The real significance of WhatsApp

I’ve been convinced for ages that the advertising-based business model of most web services is ultimately going to wither away for two reasons: it depends for its survival on the ruthless exploitation of people’s privacy; and it will have to increase its intrusiveness in order to generate the returns that investors require – which means that users will become increasingly hostile to it, and eventually seek alternatives.

It’s also seemed obvious to me for a long time that, in the end, cyberspace will have to resemble Meatspace in one respect – namely that if you want to have something that costs money to create, then you will have to pay for it.

What’s so refreshing about WhatsApp is that its co-founders understood that from the beginning. People who use the service will have to pay (modestly) for the privilege. There’s such a refreshing honesty about that, compared to the manipulative dishonesty of what Jaron Lanier calls the “siren servers”.

None of this is new, of course: wiser people than me – for example Doc Searls – have been saying it for years, as Zachary Seward points out in a splendid post on

He writes about the “disquieting suspicion” that, in the long run, advertising simply might not work for the mobile web.

“No one wakes up excited to see more advertising, no one goes to sleep thinking about the ads they’ll see tomorrow,” Koum wrote in 2012. It echoed a prophesy that writer Doc Searls made about the web all the way back in 1998: “There is no demand for messages.”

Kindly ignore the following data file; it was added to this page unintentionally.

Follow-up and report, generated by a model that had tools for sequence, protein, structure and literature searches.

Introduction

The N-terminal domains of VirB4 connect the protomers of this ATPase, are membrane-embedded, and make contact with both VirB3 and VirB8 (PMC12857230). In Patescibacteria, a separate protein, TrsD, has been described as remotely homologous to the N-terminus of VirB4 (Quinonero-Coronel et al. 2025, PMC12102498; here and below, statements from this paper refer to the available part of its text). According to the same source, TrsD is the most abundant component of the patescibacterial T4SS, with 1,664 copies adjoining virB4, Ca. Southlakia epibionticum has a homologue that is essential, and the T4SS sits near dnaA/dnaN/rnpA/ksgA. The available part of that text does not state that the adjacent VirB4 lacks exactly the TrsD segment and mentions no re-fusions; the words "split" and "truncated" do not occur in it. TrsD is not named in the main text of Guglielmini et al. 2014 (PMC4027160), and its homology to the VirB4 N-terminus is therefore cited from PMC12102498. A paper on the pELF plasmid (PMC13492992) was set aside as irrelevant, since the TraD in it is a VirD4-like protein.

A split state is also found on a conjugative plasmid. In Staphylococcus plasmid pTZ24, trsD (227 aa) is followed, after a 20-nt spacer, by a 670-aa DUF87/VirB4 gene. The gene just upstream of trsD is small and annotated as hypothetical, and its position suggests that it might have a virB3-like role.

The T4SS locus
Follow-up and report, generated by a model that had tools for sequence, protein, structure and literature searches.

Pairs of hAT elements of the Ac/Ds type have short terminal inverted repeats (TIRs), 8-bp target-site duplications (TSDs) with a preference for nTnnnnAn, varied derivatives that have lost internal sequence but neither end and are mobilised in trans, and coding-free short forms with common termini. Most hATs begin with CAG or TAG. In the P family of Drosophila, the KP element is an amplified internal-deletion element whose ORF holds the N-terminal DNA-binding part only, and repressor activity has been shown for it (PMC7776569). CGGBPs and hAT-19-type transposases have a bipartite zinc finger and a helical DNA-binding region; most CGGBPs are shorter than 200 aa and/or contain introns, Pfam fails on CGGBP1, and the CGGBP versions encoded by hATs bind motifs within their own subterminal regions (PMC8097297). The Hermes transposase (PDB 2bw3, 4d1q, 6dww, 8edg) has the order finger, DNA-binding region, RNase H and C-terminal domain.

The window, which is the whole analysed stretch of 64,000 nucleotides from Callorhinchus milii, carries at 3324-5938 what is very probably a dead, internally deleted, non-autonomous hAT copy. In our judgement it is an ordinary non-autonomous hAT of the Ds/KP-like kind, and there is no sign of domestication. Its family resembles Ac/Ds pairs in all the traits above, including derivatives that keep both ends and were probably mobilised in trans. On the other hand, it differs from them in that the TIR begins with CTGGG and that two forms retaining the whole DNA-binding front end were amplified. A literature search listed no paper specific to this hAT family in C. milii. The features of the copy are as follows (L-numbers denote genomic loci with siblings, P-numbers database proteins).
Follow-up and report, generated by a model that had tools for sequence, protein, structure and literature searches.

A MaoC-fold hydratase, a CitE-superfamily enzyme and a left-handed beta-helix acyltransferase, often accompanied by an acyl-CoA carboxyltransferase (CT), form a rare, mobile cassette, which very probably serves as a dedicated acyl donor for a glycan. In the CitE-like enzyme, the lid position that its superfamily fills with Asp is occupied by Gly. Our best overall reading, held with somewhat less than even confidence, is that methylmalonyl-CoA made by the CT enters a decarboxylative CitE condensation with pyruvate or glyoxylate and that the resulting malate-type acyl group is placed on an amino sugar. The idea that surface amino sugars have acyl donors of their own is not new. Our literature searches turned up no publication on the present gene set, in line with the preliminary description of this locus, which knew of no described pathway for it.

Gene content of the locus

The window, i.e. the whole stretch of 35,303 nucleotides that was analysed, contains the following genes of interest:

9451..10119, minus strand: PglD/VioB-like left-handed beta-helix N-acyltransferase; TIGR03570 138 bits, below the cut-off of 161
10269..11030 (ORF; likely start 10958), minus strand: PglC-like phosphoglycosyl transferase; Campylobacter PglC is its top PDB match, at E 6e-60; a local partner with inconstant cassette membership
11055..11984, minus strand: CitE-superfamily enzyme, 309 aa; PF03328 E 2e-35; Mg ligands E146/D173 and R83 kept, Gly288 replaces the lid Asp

Of course, Searls wasn’t talking about the kind of person-to-person messages that WhatsApp specializes in. Rather, he was pushing the idea that the internet would lead to the erosion of mass media where messages—think corporate marketing or political messaging—could be imposed on people no matter what. That happened to an extent, but most of the web’s big businesses—Facebook chief among them—can fairly be described as mass media. At any rate, they have been successful selling ads.

What if things are different—and much closer to Searls’s vision—on the mobile internet? [Jan] Koum [WhatsApp’s co-founder] certainly thinks so: ”Cellphones are so personal and private to you that putting an advertisement there is not a good experience,” he said last year. He has described mobile messaging as a utility akin to water or gas.